Lieutenant Governor: Jocelyn A. Langlois, Libertarian. She wants to eliminate the mostly pointless and quite expensive office of Lieutenant Governor. What could be better than a politician that wants to eliminate her own office?
Governor: Dino Rossi, Republican. A responsible fiscal conservative, and an excellent legislator, Dino Rossi is the best choice to bring real leadership to Olympia for the first time in over 20 years. He shares all of the most important views with the Libertarian Candidate, Ruth Bennett, and although he personally is more socially conservative than Bennett, he isn’t making those personal beliefs a major part of his platform. Libertarian-minded people can feel quite good about a vote for Rossi. The Democrat nominee, Christine Gregoire, has shown incompetence as a leader in her failings as attorney general, which have cost the state millions of dollars. She even tried to make an employee, who was not responsible for the error, take the fall, putting her personal political advancement above the interests of the state she wants to hold the highest office in. Rossi, on the other hand, has proven his competence as a leader and a coalition builder – he was instrumental in creating a state budget that didn’t raise taxes, yet maintained services for the most needy in the state. He would also bring leadership to Olympia that has been missing for a long time. In a comparison of the candidates in the Seattle Times, Rossi provided clear answers – and the right answers to every question. Gregoire tried to dodge every question, providing no real position on most issues. Dino is the better choice, hands down.
US Representative, Congressional District No. 8: Dave Reichart, Republican. See this post for why.
US Senator: George R. Nethercutt, Jr., Republican. Murray is out of touch and offers uninspired leadership. Nethercutt has been involved less time, in the lesser of the two houses of congress, and is better recognized nationally, and represents Washington State better. King County Journal has a good article on an issue that shows just how out of touch Murray is. Libertarian J. Mills would be a good choice too, but I’ll wait for IRV to make him my first choice.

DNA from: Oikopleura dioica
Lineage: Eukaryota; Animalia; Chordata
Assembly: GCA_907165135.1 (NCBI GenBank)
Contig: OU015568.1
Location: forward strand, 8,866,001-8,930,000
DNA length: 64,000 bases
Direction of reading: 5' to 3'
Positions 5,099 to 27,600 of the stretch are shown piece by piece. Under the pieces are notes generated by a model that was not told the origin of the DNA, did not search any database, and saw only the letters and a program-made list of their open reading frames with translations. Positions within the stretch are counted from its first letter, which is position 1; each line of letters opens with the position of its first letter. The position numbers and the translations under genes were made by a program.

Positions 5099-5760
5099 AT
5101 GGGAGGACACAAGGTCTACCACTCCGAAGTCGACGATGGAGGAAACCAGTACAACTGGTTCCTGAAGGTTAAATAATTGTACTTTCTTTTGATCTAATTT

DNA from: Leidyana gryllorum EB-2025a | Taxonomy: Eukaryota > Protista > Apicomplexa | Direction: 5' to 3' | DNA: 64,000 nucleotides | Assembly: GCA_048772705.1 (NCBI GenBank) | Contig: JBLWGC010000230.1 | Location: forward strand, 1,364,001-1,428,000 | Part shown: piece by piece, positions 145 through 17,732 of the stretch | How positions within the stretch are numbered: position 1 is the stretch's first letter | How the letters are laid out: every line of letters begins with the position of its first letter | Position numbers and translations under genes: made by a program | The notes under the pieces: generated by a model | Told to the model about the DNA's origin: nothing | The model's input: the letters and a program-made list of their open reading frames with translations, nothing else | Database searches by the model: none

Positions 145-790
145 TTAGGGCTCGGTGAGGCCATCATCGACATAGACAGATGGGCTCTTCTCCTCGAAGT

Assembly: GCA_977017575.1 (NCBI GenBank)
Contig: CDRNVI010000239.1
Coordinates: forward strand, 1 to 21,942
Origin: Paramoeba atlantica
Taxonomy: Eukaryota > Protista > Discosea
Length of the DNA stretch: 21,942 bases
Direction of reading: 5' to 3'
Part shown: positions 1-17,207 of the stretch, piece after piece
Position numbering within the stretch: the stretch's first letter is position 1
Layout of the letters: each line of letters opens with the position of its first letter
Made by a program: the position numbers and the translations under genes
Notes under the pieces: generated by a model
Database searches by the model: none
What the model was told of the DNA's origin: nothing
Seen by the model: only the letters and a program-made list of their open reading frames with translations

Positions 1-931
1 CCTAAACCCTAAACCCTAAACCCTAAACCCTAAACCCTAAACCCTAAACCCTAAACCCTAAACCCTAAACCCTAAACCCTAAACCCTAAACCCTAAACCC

And that brings us to President of the United States of America. The only unfilled oval on my ballot. I think this officially puts me into that “undecided” category. But my indecision is not between Bush and Kerry, but rather between Badnarik, Libertarian for President and Bush. The biggest issue for me, as it is for many people, is the war in Iraq. I supported it initially, as I’ve stated before, and I’m still generally for it, although I’m not at all firm in that conviction. I do believe that the Libertarian stance of “Friendship and free trade with all nations; entangling alliances with none” is the best overall stance, but due to past actions of the United States, that ideal is a long way off, and there is always the very valid point that Hilters, Stalins, Mussolinis, and, yes, Saddams (even though we put him there in the first place) need to be stopped less they threaten the security of the whole world. So basically, I don’t agree with the Badnarik’s call to withdraw troops from Iraq in 90 days. With what we’ve invested so far, immediate withdrawl is the surest way to ensure there is no lasting positive effect of our actions. I don’t think there is any guarantee of a positive effect at this point even if we stay the course, but at least there’s a chance. We helped create the monster, now it seems to be our job to try to fix it. I don’t know, however, if that is possible. However, this is my only major issue with the Libertarian candidate, who won’t win anyway. On the rest of the issues, I agree with him. Bush is the second best of most of the economic issues, and worse somewhat than Kerry on the social issues, but for all the right reasons. And Bush’s fiscal policy has been disastrous. So if I vote Bush, which probably won’t make him win Washington anyway, I have to feel some more responsibility for anything he does, as I have up to this point for supporting him the first time, even though I couldn’t quite vote that time. So its a hard decision, and one that I would like your input on.
Thanks for tuning in.